Operating System

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3.5.2: Safe States

Avoiding deadlocks given some extra knowledge.

Definition: A state is safe if there is an ordering of the processes such that: if the processes are run in this order, they will all terminate (assuming none exceeds its claim).

Give an example of all four possibilities. A state that is

  1. Safe and deadlocked--not possible
  2. Safe and not deadlocked
  3. Not safe and deadlocked
  4. Not safe and not deadlocked--interesting

A manager can determine if a state is safe.

The manager then follows the following procedure, which is part of Banker's Algorithms discovered by Dijkstra, to determine if the state is safe.

  1. If there are no processes remaining, the state is safe.

  2. Seek a process P whose max additional requests is less than what remains (for each resource type).
  3. The banker now pretends that P has terminated (since the banker knows that it can guarantee this will happen). Hence the banker pretends that all of P's currently held resources are returned. This makes the banker richer and hence perhaps a process that was not eligible to be chosen as P previously, can now be chosen.

  4. Repeat these steps.

Example 1

A safe state with 22 units of one resource
processclaimcurrentmax need

Example 2

A unsafe state with 22 units of one resource
processclaimcurrentmax need

Start with example 1 and assume that Z now requests 2 units and we grant them.

Remark: An unsafe state is not necessarily a deadlocked state. Indeed, if one gets lucky all processes may terminate successfully. A safe state means that the manager can guarantee that no deadlock will occur.

3.5.3: The Banker's Algorithm (Dijkstra) for a Single Resource

The algorithm is simple: Stay in safe states. Initially, we assume all the processes are present before execution begins and that all claims are given before execution begins. We will relax these assumptions very soon.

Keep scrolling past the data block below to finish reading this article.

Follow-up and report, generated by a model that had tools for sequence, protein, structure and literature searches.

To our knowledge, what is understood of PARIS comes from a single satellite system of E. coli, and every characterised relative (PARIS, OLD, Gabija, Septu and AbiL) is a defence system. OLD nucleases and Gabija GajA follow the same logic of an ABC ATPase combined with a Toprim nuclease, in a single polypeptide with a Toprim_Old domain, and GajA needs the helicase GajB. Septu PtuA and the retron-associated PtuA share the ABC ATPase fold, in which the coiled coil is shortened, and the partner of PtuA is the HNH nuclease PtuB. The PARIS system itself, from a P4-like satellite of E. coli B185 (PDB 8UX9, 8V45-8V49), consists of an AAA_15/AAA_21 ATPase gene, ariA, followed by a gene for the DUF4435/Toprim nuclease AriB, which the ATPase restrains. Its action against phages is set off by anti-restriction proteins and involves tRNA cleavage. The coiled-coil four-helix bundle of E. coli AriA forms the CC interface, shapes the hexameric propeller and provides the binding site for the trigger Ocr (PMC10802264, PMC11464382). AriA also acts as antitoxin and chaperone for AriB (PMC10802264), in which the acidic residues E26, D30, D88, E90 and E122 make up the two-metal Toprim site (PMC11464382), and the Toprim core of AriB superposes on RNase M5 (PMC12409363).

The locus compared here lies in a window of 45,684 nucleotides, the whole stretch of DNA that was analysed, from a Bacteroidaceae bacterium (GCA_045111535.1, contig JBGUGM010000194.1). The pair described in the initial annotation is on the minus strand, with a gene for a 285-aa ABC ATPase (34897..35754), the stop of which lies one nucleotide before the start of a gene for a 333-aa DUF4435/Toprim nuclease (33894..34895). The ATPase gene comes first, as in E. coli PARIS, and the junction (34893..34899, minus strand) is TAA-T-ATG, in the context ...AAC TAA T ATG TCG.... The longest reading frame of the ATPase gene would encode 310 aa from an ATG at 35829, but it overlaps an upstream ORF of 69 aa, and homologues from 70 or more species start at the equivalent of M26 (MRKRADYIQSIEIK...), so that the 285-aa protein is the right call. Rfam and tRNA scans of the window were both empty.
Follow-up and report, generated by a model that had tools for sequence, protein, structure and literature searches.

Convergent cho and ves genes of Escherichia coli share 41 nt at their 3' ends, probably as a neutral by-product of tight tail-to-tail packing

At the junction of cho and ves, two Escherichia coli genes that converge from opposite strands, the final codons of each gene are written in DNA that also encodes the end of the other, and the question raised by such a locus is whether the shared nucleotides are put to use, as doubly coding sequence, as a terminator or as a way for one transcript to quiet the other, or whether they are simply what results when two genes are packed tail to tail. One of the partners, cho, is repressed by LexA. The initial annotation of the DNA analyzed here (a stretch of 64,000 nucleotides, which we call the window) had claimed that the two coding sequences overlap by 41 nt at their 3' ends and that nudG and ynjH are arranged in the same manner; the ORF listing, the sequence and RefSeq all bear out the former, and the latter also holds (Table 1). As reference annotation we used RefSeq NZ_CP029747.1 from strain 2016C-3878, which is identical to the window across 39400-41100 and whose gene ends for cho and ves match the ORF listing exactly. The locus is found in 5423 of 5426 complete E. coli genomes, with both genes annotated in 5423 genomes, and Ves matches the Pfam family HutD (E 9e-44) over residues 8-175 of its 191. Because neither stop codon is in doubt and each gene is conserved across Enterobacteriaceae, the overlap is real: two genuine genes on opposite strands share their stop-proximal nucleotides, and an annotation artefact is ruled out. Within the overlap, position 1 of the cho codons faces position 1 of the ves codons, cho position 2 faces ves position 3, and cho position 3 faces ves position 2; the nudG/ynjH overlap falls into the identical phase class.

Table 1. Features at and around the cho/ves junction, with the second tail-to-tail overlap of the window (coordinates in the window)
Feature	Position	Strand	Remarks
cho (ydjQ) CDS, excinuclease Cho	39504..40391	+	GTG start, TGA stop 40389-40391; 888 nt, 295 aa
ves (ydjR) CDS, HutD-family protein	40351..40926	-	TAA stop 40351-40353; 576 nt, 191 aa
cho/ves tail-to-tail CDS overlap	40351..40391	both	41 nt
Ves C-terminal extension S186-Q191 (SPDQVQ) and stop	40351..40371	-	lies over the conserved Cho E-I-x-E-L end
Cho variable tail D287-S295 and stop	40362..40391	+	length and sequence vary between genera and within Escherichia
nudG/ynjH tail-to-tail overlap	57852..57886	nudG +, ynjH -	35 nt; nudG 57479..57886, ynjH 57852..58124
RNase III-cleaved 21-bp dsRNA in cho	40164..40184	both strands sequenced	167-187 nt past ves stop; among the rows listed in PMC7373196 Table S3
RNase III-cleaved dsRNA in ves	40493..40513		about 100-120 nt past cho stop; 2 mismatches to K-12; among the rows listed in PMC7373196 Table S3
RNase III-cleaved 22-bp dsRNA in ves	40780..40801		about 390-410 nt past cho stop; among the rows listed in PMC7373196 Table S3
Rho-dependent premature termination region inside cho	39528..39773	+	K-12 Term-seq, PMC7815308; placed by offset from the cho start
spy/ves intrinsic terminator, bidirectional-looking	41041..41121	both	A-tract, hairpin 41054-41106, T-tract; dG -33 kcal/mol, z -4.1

Homework: 13.

3.5.4: The Banker's Algorithm for Multiple Resources

At a high level the algorithm is identical: Stay in safe states.

Limitations of the banker's algorithm

Homework: 21, 27, and 20. There is an interesting typo in 20 (2nd edition of book): A has claimed 3 units of resource 5, but there are only 2 units in the entire system. change A's claim to 2.

3.7: Other Issues

3.7.1: Two-phase locking

This is covered (MUCH better) in a database text. We will skip it.

3.7.2: Non-resource deadlocks

You can get deadlock from semaphores as well as resources. This is trivial. Semaphores can be considered resources. P(S) is request S and V(S) is release S. The manager is the module implementing P and V. When the manager returns from P(S), it has granted the resource S.

3.7.3: Starvation

As usual FCFS is a good cure. Often this is done by priority aging and picking the highest priority process to get the resource. Also can periodically stop accepting new processes until all old ones get their resources.

3.8: Research on Deadlocks


3.9: Summary


Chapter 4: Memory Management

Also called storage management or space management.

Memory management must deal with the storage hierarchy present in modern machines.

We will see in the next few lectures that there are three independent decision:

  1. Segmentation (or no segmentation)
  2. Paging (or no paging)
  3. Fetch on demand (or no fetching on demand)

Memory management implements address translation.

Homework: 6.

When is address translation performed?

  1. At compile time
  2. At link-edit time (the ``linker lab'')
  3. At load time
  4. At execution time